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Paramount was set to release the film domestically in March of this year before suddenly dropping the picture. Cartoon Brew spoke to Osborne about how this very personal feature got off the ground, how he nearly didn’t make it, and the creative difference of working in stop-motion versus computer animation.
Osborne hit it big early in his animation career with an Oscar nomination for his short film More and another nom for DreamWorks Animation’s Kung Fu Panda.
The director went back to his independent filmmaking roots, finding the process of financing a tough one. He says he said no to making a film of the book, partly because of how deeply he knew the material. Luckily, Antoine de Saint-Exupery’s estate saw merit in Osborne’s general approach, and gave their blessing to a film that was more a tribute to the book than a re-telling. In order to create both worlds, while remaining an independent production, Osborne began production in Paris before overseeing two different studios in Montreal. The stop-motion side, which dealt directly with the well-known characters of The Aviator, The Fox, and The Little Prince, provided more immediacy, since the scenes were there in front of the camera.
Osborne was conscious that his version of the Little Prince character had to evoke the memory of the book in the minds of his audience. That meant that even items such as grass and The Little Prince’s scarf and the fox’s tail would be paper—all of which would need to blow in the wind.
Meanwhile, Osborne cast The Little Prince with several notable actors, among them Jeff Bridges, Marion Cotillard, James Franco, Rachel McAdams, and Mackenzie Foy. Ian Failes is a former lawyer, and now, writer with a focus on visual effects and animation, writing at VFX Blog and FX Guide.He is the author of Masters of FX.

We welcome thoughtful comments on articles, but please read our community guidelines before participating. Is an Oscar qualifying run the only theatrical release that Netflix is giving “The Little Prince”? I went to go see this film at the newly-opened Alamo Drafthouse in San Francisco on Sunday. In order to post comments, please make sure JavaScript and Cookies are enabled, and reload the page. If you’ve been following the career of Mark Osborne over the last few years, you’ll know the director put his heart and soul into his version of The Little Prince. Now Netflix has the distribution rights and will stream The Little Prince to its 47 million U.S.
The director left DreamWorks after Panda with what he says was “a naive hope that I could get projects up and running very easily and push the boundaries of animation. Then a group of French producers approached Osborne for help in crafting an animated adaption of Antoine de Saint-Exupery’s beloved classic, The Little Prince.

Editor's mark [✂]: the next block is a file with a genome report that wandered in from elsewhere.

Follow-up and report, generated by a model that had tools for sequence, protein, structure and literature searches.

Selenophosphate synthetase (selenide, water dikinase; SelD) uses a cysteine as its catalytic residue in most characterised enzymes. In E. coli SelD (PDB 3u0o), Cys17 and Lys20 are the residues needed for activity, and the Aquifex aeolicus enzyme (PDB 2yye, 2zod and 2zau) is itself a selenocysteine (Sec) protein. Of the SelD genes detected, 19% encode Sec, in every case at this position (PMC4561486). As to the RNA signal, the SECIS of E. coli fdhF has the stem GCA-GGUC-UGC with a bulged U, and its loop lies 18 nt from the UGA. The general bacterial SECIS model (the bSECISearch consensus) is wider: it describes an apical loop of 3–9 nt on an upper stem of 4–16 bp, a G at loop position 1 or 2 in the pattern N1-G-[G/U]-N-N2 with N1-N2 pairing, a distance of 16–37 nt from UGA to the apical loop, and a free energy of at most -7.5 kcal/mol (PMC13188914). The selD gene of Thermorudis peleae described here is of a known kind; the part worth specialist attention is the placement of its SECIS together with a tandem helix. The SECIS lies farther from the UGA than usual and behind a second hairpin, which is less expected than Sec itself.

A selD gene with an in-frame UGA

In fact, Osborne felt the book, which is about a young prince who has fallen to Earth from an asteroid and offers philosophical advice to a pilot stranded in the desert, was almost too close to him personally. There had been illustrations and cartoon versions of the The Little Prince for many years and the director felt that everyone already had an idea in their minds of what the film would be.
It still took Osborne about nine months to crack the pitch and work out the core ideas, especially convincing people how he was going to represent and distinguish between reality and the world of imagination. One was a CG studio (formed via a partnership between Mikros Image Canada and TouTenKartoon) and the other a stop-motion studio (headed by Dragonframe co-creator Jamie Caliri).

But, he says, the character has in fact been represented many times in differing ways in various book illustrations and in animation.
The animators devised a way to put a tiny piece of wire in the edges of the scarf, for example, so that they could keep the scarf paper without having something plastered underneath it.
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I don’t have any previous knowledge of the book or story so we saw it with completely fresh eyes. All I can say is that it is a damn shame this movie didn’t get a wider theatrical release (and congratulations Mark Osborne on two excellent films in a row).
Backed by a consortium of French production partners, including ON Animation Studios, Onyx Films, and Orange Studio, Osborne’s film grossed nearly $100 million globally and won the 2015 Cesar (France’s equivalent of the Oscar) for best animated feature.
I would be working in CG and then sometimes I’d go over to the stop-motion crew just to be reminded of what we were actually doing. It was so much fun to watch it as an artist and filmmaker, but to also watch it through my daughters eyes. Additionally, in Los Angeles and New York, Netflix is giving The Little Prince a theatrical run starting today, in part so that the film can complete its qualification process for the Academy Awards. When our creative work in CG feels more and more like business everyday, this film and message was refreshing to remember the awe we can get from a beautifully crafted well told story.

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